How a BIG Country with a SMALL Population DEFENDS itself
May 17, 2001
The Bottom Line Australians generally feel reasonably safe from attack
Australia wants and needs tourists. Tourism is a major part of the economy and therefore tourists from all over the world are welcome. Personally, I consider it important that any prospective tourist has some reasonable idea of just what they are letting themselves in for. To that end, this review is an overall snapshot of an important part of the nation's psyche, for if a nation is not safe, it's people will have a very different attitude than that found in nations that are, or at least perceived to be.
Now when we talk about safety, we are of course talking specifically about defence, and here Australia has a few problems. Australia is not just the Australian mainland, which would be bad enough considering the mainland is the earth's largest island
with a coastline of almost 16,000 miles. We also need to defend our Territories, as follows;
Total Area (approx square miles)
Australian Antarctic Territory 3,800,000
Coral Sea Islands Territory 490,000
Territory of Heard and MacDonald Islands 240
Christmas Island 85
Macquarie Island (Administered by Tasmania) 82
Norfolk Island 21
Lord Howe Island (Administered by N.S.W.) 10
Cocos (Keeling) Islands 9
Ashmore and Cartier Islands 1.2
So back in the 1960's and 70's the question was seriously asked for the first time. Up until then it was really just build an Army etc. as large as was affordable without any real co-ordination and planning. We were under fire, deservedly so, from the USA for not meeting our share of the regions commitments so this was addressed also.
A man called Dibb was commissioned in the mid 1970's to prepare a workable plan for the future.
This was completed and approved by 1980 and actually called for a cut in numbers of personnel, particularly in the Army, and the emphasis was to be "smart rather than large". Over the twenty year period to the year 2,000 practically every item of equipment was to be replaced with a "state of the art version". In addition the three services, Army, Navy and Air Force would be brought under the banner of The Australian Defence Force (ADF).
Every new piece of equipment had to be made and maintained in Australia, not only from the point of view of jobs but mainly to have a ready pool of highly skilled people capable of building replacements.
Twenty years on from the instigation of this plan all jet fighters in the Air Force have been replaced with FA18/A Hornets and F111A aircraft, all surveillance aircraft with P3B and P3C Orions and AWACS, Helicopters with Black Hawks and so on, all heavily modified in Australia to suit local conditions. The Air Force know have approximately 250 top attack aircraft equal to the very best for use here. Air to Air refuelling has also been introduced.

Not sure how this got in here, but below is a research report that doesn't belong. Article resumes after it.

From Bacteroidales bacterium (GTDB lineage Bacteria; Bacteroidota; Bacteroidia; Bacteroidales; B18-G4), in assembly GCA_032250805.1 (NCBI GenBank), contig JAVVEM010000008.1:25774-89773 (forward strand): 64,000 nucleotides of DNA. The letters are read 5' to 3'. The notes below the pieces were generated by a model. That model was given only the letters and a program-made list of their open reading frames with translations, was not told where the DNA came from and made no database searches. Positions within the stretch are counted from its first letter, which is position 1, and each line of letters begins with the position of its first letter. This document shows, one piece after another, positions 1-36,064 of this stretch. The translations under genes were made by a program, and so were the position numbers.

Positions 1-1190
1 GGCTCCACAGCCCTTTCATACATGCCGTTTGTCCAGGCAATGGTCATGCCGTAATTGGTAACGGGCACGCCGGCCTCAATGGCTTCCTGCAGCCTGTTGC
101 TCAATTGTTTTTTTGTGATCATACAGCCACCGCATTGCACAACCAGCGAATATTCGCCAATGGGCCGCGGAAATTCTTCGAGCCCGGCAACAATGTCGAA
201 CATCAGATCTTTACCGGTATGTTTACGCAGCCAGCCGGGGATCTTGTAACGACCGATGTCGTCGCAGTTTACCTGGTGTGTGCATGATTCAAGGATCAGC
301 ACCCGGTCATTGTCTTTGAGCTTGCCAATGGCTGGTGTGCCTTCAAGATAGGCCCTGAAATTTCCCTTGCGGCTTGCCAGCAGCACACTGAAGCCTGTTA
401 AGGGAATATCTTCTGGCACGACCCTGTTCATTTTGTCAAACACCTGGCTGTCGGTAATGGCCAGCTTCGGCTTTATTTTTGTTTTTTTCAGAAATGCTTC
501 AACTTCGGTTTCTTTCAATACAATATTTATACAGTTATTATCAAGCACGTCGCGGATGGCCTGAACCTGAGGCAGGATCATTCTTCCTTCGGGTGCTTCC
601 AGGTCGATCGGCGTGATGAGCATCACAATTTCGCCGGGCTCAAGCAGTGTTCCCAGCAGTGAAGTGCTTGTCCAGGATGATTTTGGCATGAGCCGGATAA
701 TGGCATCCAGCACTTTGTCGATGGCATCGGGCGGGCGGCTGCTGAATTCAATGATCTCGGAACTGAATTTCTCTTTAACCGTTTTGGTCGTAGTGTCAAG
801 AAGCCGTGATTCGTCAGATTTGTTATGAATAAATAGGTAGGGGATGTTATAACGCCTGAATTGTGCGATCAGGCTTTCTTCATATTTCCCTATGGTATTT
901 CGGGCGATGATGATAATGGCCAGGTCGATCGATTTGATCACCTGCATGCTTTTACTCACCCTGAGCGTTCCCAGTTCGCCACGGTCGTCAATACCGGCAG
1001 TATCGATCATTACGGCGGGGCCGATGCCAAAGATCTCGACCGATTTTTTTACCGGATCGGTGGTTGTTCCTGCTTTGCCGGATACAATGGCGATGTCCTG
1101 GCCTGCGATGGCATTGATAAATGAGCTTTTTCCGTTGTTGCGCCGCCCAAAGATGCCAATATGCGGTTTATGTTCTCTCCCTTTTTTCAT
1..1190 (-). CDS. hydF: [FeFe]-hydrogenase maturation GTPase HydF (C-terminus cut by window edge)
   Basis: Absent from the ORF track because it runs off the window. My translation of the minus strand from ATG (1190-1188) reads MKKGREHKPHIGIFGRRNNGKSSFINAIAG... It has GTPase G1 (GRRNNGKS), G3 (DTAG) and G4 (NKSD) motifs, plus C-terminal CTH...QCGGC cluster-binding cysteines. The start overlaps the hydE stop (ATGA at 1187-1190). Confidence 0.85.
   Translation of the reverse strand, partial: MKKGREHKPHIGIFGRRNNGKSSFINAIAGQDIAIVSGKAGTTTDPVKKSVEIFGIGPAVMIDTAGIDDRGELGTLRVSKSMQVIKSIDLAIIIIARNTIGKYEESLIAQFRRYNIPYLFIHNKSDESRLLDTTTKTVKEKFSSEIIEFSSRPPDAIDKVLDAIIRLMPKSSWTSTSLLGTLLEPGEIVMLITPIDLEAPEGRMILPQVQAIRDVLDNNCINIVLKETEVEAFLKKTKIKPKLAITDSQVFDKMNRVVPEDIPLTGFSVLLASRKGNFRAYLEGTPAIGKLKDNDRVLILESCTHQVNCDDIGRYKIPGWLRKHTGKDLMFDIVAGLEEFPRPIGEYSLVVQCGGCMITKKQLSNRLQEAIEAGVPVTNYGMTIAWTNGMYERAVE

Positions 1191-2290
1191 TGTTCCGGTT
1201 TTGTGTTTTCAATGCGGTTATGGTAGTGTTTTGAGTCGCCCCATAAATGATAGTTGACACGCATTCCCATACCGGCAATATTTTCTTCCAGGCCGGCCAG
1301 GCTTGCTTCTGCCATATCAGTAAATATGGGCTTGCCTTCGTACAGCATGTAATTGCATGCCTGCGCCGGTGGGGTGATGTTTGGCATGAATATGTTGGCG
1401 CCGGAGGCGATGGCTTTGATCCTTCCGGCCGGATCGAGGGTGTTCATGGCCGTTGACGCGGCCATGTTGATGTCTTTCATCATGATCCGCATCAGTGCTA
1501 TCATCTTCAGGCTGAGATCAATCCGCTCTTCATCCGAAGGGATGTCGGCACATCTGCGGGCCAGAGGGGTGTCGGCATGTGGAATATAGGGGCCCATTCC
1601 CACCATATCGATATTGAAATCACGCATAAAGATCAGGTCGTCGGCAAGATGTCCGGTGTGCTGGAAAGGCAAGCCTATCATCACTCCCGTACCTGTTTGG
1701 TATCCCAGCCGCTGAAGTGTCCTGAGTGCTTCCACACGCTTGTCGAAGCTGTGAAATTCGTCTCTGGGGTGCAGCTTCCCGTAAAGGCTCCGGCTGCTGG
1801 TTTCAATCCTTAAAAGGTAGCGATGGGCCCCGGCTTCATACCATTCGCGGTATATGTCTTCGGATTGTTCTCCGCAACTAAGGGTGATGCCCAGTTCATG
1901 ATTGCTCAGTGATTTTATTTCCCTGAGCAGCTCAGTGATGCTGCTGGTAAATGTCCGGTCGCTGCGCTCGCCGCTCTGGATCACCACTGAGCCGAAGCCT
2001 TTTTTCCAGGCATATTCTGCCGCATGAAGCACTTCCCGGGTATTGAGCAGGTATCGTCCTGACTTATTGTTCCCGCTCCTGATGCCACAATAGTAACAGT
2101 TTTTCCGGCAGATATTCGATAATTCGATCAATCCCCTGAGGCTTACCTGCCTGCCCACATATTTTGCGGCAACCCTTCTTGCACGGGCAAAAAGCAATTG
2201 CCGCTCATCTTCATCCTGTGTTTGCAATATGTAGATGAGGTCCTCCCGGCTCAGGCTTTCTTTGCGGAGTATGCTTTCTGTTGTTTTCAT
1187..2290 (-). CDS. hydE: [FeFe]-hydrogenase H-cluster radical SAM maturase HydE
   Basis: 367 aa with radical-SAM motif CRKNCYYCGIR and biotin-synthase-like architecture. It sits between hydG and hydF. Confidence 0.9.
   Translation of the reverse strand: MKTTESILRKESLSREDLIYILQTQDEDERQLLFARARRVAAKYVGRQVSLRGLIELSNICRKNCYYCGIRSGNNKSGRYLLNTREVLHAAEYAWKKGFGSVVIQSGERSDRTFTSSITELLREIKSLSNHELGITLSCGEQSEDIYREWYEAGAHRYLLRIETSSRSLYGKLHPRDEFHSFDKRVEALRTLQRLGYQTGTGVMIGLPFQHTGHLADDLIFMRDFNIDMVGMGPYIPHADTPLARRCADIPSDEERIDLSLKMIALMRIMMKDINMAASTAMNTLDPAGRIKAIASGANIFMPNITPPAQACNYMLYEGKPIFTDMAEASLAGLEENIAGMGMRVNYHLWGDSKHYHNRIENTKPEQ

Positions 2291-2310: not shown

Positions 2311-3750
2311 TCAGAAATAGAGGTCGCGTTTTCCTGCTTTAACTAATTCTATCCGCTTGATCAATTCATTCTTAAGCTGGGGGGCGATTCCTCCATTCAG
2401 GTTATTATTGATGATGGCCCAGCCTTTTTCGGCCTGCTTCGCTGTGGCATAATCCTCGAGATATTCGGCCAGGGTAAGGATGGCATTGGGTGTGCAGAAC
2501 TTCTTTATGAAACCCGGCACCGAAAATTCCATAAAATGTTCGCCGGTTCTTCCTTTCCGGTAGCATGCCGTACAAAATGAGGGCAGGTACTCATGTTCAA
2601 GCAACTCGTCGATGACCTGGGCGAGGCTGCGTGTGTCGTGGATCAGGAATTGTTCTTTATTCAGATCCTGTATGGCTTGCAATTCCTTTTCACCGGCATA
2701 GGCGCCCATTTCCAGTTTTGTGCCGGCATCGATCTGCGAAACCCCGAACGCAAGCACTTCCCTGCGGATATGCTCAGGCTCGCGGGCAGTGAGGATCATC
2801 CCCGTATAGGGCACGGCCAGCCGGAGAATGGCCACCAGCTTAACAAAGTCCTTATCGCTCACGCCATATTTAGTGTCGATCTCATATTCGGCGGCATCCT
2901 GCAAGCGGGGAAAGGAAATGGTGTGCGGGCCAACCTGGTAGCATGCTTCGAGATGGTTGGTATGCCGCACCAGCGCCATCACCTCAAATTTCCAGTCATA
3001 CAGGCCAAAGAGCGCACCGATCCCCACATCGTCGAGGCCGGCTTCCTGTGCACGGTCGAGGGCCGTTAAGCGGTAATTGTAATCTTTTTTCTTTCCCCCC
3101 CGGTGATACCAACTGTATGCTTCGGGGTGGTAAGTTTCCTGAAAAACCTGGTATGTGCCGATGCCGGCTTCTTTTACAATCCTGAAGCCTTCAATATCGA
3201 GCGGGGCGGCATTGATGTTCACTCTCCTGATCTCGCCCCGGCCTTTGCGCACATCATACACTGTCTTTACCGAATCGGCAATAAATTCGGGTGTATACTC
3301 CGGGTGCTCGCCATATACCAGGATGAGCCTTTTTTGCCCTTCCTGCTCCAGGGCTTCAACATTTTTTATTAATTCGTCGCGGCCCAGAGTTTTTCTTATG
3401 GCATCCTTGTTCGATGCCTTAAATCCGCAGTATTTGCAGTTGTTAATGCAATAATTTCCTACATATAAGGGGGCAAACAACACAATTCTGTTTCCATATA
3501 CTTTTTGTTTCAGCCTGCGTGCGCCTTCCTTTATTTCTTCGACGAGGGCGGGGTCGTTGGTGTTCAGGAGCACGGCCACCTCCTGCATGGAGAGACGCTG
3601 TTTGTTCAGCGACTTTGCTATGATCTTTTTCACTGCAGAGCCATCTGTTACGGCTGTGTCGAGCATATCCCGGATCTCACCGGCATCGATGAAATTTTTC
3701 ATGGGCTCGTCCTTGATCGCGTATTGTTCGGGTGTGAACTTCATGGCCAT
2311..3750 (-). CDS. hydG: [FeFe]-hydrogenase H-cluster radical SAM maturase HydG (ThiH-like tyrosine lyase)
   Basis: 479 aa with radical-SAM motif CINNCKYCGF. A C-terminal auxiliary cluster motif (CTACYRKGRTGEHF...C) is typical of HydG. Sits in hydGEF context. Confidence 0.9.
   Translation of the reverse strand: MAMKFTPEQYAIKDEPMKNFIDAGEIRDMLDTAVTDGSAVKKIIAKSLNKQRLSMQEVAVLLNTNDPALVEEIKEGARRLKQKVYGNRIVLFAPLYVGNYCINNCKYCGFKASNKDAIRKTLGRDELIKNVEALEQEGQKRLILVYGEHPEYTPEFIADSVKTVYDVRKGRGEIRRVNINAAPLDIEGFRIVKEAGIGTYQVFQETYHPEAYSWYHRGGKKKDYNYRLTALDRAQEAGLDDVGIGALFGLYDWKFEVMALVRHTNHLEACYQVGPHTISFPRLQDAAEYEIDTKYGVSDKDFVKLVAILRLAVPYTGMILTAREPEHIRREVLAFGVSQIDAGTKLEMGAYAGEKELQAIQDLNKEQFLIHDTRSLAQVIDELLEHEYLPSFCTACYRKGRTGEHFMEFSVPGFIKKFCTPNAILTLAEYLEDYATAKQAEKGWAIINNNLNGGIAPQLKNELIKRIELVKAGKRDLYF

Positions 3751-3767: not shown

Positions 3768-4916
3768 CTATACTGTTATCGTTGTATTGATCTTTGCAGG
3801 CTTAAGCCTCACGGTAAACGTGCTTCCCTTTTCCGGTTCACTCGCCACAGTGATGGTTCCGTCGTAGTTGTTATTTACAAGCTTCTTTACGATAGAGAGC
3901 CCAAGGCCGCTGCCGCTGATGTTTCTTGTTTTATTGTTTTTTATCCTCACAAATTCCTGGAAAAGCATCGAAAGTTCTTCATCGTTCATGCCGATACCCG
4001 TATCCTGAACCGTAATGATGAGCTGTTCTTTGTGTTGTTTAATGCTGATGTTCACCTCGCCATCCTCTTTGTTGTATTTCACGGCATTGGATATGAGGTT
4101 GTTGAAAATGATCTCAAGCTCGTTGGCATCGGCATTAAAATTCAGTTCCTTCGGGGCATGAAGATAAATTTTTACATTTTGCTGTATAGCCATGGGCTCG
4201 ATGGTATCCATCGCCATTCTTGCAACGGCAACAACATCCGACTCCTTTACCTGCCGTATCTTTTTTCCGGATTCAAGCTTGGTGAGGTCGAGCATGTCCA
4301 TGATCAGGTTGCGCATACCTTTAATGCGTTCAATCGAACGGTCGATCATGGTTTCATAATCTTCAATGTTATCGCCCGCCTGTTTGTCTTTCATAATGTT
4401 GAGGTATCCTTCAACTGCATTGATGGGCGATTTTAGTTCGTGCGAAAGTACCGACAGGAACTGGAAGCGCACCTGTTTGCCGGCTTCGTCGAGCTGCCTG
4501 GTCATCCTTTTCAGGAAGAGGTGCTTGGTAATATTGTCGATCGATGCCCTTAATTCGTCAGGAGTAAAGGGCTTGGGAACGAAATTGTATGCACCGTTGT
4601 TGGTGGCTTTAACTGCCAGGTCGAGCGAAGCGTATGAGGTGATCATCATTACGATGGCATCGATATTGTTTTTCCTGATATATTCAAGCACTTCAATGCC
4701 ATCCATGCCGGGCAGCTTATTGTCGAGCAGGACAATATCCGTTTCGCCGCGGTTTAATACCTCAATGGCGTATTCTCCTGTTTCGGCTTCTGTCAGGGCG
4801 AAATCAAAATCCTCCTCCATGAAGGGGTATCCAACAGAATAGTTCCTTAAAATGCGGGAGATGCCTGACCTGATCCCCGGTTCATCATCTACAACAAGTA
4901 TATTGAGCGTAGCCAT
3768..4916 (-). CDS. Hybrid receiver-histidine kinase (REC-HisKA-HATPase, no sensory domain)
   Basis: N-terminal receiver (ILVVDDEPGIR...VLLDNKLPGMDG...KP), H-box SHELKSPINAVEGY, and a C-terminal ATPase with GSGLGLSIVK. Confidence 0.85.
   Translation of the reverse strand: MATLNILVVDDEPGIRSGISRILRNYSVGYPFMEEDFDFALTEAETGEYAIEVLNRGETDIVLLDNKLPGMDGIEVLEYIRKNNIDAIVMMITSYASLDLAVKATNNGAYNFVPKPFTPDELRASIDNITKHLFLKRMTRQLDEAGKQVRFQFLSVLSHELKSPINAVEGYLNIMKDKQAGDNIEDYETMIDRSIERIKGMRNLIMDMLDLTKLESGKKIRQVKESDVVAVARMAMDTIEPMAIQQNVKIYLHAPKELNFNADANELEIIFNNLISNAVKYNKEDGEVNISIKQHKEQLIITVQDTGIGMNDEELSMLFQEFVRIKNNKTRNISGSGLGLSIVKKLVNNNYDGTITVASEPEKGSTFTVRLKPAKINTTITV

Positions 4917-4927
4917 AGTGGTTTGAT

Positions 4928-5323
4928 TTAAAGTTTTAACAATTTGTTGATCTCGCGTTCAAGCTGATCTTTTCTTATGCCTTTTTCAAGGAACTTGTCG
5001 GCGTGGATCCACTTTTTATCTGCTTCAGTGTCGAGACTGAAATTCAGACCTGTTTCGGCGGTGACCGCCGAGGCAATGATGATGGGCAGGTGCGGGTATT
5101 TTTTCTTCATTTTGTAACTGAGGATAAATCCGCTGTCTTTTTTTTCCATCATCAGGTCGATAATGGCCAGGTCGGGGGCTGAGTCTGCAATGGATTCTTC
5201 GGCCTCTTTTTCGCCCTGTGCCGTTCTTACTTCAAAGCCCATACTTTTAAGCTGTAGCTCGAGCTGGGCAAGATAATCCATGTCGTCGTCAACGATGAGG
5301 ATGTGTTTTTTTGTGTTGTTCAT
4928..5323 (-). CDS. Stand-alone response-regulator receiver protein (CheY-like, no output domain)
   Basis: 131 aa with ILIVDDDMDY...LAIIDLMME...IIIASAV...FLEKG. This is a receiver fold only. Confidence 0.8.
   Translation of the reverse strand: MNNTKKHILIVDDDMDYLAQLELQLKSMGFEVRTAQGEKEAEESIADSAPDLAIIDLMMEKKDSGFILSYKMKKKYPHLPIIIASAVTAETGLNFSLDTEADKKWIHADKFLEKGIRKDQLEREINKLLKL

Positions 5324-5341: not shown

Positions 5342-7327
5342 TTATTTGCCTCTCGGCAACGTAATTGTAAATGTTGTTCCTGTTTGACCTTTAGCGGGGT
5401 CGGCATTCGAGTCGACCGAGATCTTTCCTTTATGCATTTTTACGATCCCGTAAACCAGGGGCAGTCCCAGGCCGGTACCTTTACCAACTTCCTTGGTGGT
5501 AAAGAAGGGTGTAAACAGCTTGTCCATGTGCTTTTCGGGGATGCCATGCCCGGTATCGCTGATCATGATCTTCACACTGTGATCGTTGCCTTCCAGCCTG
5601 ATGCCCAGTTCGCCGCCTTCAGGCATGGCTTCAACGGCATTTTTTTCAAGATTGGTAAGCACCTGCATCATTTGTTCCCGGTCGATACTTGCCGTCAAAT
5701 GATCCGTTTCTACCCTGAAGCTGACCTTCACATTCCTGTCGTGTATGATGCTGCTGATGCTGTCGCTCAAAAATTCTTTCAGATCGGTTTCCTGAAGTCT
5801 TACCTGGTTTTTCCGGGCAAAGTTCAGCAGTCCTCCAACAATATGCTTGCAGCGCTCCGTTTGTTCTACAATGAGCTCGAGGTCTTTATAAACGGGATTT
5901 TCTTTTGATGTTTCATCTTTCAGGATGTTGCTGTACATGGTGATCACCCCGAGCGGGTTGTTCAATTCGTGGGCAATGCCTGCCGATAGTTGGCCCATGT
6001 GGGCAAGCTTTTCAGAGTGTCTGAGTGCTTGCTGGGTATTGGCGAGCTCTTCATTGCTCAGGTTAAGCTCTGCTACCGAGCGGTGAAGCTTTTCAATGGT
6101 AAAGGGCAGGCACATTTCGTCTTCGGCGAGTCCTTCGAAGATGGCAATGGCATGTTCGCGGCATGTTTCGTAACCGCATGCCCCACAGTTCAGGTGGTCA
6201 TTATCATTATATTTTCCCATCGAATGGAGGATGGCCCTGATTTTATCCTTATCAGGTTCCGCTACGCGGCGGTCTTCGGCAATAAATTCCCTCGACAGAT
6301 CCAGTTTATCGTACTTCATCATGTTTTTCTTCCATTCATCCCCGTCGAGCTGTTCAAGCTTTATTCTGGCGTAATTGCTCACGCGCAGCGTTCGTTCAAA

The Navy sold its aircraft carriers due to lack of perceived future use and every single ship, all 80 plus have know been replaced, with a program of steady replacement of even those in place to ensure they are all at the "cutting edge". This includes a number (classified) of unmarked ships used mainly against illegal fishing in the Antarctic region, and full replacement of the submarine fleet which the US Pacific Fleet commander has just described as the best non-nuclear subs in the world. These were all built in Adelaide.
The Army has had all equipment replaced, and commonly uses man, trailer and truck mounted missiles.
Overall the Australian Defence Force is now seen as by far the most potent in the Asian region - and all this with about 20% less people.
But Defence goes further than just the "hard hit".
Our Alliance with the USA through the ANZUS treaty is seen as very important. ANZUS stands for Australia, New Zealand and the USA. In reality New Zealand's credibility is shaky to say the least, since in the 1980's they banned USA warships from their Ports and have just this year retired all fighter aircraft from their Airforce and reduced their Navy to only one warship, fairly old at that.
The US - Australian Alliance is important to both countries, since a major and critical part of the US Star Wars program is located here. And unlike New Zealand US warships are welcome in any of our ports, as we are in theirs. Both countries engage in War Games twice a year, with quite equal results, a very different scenario to twenty years ago!
Nothing beats early warning of trouble. In Australia that falls on the shoulders, mainly, of ASIO and ASIS (Australian Security Intelligence Organisation and Australian Security Intelligence Service). ASIO gather intelligence on any trouble brewing within Australia, while ASIS is external/overseas, that is before it gets here. These two organisations managed to avert at least six disasters at the recent Olympics in Sydney.
Australians generally feel reasonably safe from attack, and when a Nation has the relative luxury of such a situation this must surely impact on its psyche, especially as compared to many countries in, for example, the Middle East or parts of Eastern Europe.
Surely not knowing when the next war will come, while at the same time knowing the odds are high that it will happen, must be a wholly different feeling.